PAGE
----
Using the "industrial" sharpies, fine and ultrafine point, I made two attempts at an AVR RFID card with integrated PCB antenna, with mixed results.
I designed all but the antenna in Eagle and exported to EPS, then imported into Make-the-Cut. The spiral antenna I created using Inkscape spiral tool, then cut-and-paste into Make-the-cut, and just rotate and move so the traces connect.
I draw a rectangular bounding box around the circuit and put into a separate layer, which I print first onto a piece of paper taped on the cutting mat. This shows me exactly where to place the blank circuit board.
Next I tape the circuit board to the paper using masking tape at the very edges only. I snipped off one of the grey friction rollers so it doesn't roll back and forth over the design and ruin it while the ink is still wet.
I remove the Expression keyboard to make room for the pen, and wrap a long thin strip of duct tape around the pen close to the tip to make it big enough for the tool holder to grip. I "cut" (draw) from Make-the-Cut at Extreme speed, low pressure, and etch in the usual way.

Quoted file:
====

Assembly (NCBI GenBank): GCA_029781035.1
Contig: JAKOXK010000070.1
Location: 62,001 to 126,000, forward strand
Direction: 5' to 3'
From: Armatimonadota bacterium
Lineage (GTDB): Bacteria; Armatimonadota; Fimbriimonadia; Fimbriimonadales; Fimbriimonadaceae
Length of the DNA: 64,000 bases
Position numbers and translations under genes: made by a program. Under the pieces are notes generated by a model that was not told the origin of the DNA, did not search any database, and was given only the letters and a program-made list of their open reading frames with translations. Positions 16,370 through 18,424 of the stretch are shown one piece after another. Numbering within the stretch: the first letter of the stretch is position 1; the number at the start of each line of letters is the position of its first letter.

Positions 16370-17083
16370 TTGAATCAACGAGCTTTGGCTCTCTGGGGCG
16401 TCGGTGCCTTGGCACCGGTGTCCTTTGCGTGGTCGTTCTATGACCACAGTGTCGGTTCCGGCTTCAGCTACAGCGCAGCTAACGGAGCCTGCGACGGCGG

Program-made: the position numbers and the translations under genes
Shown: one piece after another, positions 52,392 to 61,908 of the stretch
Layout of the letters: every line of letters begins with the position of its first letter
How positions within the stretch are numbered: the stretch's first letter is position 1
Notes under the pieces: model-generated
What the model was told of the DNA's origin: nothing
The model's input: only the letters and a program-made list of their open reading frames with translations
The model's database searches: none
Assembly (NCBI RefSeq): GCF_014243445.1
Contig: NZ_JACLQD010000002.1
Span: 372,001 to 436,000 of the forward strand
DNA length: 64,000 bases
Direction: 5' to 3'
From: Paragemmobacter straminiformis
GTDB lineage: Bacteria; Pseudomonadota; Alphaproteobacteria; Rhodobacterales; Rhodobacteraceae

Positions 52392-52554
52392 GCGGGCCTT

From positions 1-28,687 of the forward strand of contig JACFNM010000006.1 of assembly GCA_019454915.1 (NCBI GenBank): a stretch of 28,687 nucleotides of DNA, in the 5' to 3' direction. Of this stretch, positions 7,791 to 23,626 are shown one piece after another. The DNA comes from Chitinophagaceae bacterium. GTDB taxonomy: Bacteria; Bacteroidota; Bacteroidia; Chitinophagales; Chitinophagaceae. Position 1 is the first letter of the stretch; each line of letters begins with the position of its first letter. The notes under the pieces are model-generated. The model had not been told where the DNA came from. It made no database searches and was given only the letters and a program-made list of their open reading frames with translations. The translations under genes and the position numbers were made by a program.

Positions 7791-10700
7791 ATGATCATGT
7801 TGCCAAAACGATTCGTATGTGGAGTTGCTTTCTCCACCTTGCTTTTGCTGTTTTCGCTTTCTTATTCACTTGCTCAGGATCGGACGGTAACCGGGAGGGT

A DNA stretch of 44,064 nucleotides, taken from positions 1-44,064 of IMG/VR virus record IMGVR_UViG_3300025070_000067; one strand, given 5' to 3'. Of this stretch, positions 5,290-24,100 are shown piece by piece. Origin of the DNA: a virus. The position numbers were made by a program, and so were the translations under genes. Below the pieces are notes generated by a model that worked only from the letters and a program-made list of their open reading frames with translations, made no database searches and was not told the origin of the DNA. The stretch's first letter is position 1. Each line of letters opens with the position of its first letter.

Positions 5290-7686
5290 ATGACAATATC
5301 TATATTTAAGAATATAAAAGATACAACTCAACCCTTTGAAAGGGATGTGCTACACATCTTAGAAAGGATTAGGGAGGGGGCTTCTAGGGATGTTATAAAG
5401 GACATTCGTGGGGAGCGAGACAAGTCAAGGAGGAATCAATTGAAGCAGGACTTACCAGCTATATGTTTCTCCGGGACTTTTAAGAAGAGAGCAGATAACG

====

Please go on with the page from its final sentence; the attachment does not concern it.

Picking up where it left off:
The experiment was very successful in that I was able to get pretty reliable traces in two sizes, roughly 0.5 and 0.8 mm, plenty for a sporting shot at surface mount stuff.
Unfortunately, while a magnet-wire coil produces upwards of 10v peak-to-peak, I can't seem to get better than 850mV or so across the pcb coil leads, regardless of my choice of tuning capacitor, so for now running the Tiny85 is still out of the question.
The two antennas have about 25 and 45 turns respectively, but so far I've been totally unable to get them tuned to produce enough voltage to run the AVR.
I've been probing the tag coil across the capacitor leads while the tag is being stimulated at 125khz with my homemade reader.
The second antenna is pushing the resolution limits in the spiral because the "jaggies" from the machine reduce clearance between lines. I had to do a little cleanup work with a razor blade, separating adjacent lines that had shorted in a very few places.